Photo via Flickr user Adam Hinett
Scripture Readings: Genesis 2.7-9; 3.1-7; Romans 5.12-19; Matthew 4.1-11
“Away with you, Satan. Scripture says, ‘You shall worship the Holy One your God; only God shall you adore.'” – Matthew 4.10
Each year the temptation story from one of the synoptic gospels is the gospel for the 1st Sunday of Lent. The devil in the story calls out Jesus for a show of divine power, something to prove he is God. But Jesus shuns divine stunts and recommits to the first commandment — to worship God alone. The story invites us to examine the God in whom we believe. Is our God one who inspires success and personal gain more than service and mercy? Perhaps we find God useless, a God who lets bad things happen to good people. Or perhaps God seems too old-fashioned, pre-scientific, and irrelevant to claim much attention. Jesus makes worshiping God alone the key to his life. The temptation gospel calls us to refresh our image of God, which we can do by taking observant walks outside in creation and by taking time for solitude and reflection on God’s word.
What is currently putting you to the test in your life?
Start a small bible study. Be a leader.
Good Ground Press has a unique retreat opportunity for you this Lent — a free poster and a reflection for each of the Sundays. The first one is ready. Just click here or on the image. You can print this retreat out or view it on your computer. Each Monday we will put up a new poster and reflection for the following Sunday.
Sunday Readings: Malachi 3.19-20; 2 Thessalonians 3.7-12; Luke 21.5-19
“By patient endurance you will save your lives.” – Luke 21.19
In the face of war (Syria, Afghanistan), earthquakes (Oklahoma after fracking), and plagues (Zika virus)–all the regular stuff of breaking news, Jesus recommends patient endurance. Persevere. Jesus has taught us how to live every day. Indeed every tragedy catches individuals in the midst of doing good, saving someone beside themselves, rescuing neighbors, helping the disabled, helping clear away storm damage. Christianity is about the verbs of everyday living: love, share, forgives, include, speak the trust, listen, learn, build, rejoice, show compassion, go an extra mile, lend a hand. As Hillary Clinton directed her supporters in her concession speech, quoting Galatians 6.9, “Let us not grow tired of doing good, for in due time we shall reap our harvest if we do not give up.”
Faith is not certainty in the face of terrifying events. But it is trust that no other than Jesus, who passed through death to life, offers words of eternal life. Faith in Jesus is our deepest anchor and surest model for enduring the shifts and swells of social and personal upheaval.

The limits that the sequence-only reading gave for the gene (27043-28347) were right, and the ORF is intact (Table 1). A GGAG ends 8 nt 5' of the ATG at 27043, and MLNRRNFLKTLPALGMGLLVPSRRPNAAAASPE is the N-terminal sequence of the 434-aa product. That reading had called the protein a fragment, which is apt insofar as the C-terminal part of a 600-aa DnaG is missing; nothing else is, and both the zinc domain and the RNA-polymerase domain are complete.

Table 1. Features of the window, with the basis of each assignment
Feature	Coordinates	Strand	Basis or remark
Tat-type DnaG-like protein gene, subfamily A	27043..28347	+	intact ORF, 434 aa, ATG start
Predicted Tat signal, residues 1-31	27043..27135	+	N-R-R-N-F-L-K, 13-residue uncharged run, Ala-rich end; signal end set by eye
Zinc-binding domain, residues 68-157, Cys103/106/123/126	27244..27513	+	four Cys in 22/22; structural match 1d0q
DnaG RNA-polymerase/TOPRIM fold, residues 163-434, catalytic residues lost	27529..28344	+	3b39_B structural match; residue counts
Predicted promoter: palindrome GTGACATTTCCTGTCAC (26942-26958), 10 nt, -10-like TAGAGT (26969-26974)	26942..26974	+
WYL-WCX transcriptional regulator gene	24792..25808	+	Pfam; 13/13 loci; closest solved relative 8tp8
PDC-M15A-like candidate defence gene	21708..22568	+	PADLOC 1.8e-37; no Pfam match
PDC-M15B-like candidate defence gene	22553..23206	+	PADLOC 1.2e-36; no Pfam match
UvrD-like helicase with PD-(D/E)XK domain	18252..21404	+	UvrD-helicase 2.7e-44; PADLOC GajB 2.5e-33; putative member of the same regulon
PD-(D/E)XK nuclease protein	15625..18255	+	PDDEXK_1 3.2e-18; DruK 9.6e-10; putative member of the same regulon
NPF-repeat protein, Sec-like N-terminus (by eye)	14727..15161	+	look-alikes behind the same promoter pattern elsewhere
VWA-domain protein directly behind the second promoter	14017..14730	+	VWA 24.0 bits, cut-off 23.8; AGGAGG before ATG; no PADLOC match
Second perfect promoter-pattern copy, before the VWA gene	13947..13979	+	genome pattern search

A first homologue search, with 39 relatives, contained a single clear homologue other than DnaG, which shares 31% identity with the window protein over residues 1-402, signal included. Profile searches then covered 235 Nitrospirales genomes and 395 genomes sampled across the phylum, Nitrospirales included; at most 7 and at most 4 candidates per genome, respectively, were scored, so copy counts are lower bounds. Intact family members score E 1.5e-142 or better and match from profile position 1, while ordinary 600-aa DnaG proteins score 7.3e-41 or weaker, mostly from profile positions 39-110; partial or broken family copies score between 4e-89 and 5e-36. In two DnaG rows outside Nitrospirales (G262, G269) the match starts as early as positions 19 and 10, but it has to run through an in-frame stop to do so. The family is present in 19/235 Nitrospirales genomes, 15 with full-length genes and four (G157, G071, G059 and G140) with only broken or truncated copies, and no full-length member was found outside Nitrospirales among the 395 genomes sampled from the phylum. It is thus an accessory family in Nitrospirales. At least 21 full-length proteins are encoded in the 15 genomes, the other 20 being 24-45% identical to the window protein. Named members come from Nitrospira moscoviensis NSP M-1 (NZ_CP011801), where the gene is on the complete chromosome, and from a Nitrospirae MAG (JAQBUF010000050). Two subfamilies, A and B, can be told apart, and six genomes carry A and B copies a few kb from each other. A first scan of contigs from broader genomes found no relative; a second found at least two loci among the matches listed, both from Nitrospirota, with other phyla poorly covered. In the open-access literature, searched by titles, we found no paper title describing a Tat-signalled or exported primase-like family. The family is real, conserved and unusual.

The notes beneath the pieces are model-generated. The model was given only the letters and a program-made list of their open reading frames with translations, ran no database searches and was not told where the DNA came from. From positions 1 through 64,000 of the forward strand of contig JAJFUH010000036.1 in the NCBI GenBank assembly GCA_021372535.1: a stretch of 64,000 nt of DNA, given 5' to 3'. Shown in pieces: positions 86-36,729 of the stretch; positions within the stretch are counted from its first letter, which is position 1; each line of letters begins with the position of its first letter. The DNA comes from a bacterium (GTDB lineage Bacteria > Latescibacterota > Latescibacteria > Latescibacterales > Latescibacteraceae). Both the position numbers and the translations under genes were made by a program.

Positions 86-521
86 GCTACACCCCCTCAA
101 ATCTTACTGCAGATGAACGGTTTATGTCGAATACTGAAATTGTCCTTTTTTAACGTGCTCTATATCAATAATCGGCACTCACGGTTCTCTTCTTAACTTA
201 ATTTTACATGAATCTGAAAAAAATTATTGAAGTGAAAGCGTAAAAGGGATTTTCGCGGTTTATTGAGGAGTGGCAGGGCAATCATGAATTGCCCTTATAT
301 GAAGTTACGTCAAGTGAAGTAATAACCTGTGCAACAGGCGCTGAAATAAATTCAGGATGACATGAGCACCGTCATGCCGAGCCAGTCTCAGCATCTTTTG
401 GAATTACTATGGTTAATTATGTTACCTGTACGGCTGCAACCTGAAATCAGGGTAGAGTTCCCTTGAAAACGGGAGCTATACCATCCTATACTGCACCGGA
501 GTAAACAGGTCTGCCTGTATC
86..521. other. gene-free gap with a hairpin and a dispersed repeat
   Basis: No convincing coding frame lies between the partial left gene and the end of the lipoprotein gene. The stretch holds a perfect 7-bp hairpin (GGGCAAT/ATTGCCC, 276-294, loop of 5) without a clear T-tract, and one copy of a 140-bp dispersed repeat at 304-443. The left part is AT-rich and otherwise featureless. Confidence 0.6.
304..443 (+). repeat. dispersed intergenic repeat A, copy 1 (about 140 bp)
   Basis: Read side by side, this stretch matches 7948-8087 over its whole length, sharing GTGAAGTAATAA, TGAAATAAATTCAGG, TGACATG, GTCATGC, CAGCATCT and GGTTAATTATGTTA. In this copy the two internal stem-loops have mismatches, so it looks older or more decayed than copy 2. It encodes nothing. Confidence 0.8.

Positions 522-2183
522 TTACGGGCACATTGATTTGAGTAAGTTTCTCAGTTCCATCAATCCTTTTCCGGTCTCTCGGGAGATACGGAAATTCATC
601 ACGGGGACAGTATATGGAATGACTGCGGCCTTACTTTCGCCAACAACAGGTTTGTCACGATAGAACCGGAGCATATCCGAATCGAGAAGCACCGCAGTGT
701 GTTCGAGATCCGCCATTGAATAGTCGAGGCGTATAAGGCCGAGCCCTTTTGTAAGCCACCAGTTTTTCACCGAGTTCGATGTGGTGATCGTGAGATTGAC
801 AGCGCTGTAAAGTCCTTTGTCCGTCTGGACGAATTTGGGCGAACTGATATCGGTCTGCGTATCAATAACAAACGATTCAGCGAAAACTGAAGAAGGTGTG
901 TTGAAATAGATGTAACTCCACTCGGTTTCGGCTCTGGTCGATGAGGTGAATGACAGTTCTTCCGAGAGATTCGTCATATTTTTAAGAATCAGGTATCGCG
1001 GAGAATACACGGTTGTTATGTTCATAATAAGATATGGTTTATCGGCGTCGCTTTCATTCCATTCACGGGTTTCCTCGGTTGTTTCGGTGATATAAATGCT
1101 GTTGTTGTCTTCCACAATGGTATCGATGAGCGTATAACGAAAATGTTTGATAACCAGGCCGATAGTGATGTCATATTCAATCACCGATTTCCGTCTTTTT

What would you like to be caught doing in the midst of a crisis? How might you make today a non-judgment day?
Start a small bible study. Be a leader.
Jesus said, “Scripture says, ‘Not by bread alone do people live but by every word that comes from the mouth of God.’”
Jesus lives by God’s word not by bread alone. He refuses to put God to the test. He worships God alone, the first commandment. His testimony calls us to welcome and chew on God’s word this Lent and resist popular images of success.
What images of success have you tested and found false in your life?
For many a desert is a dry, lifeless place – perhaps a metaphor for a painful, unrewarding time in life. But for people who live in arid ecosystems, a desert is a place where trees grow deep roots and plants succulent stems. A desert holds hidden springs and sheltering valleys.
In the desert the people of Israel drank from springs in the rock, ate migrating quail, and found daily sustenance on the bushes. The desert deepened Israel’s experience of God’s sustaining love. In the desert Jesus deepened his response to the Spirit.
Read the rest of this issue, then order the entire Lenten series
The devil had been tempting Jesus in the desert.
Jesus said, “Scripture says, ‘You shall not put the Holy One your God to the test.’”
In their theological duel Jesus and his antagonist express two very different interpretations of the role and mission of the messiah. The devil tempts Jesus to display his power―to turn stone to bread, to take over world rule to prove he is God’s Son. Jesus answers each temptation with a scripture verse from Deuteronomy, the fifth and final book of Israel’s law or Torah. Jesus is God’s Spirit-filled prophet who trusts God’s word.
What temptations do you as a Christian face in our society today?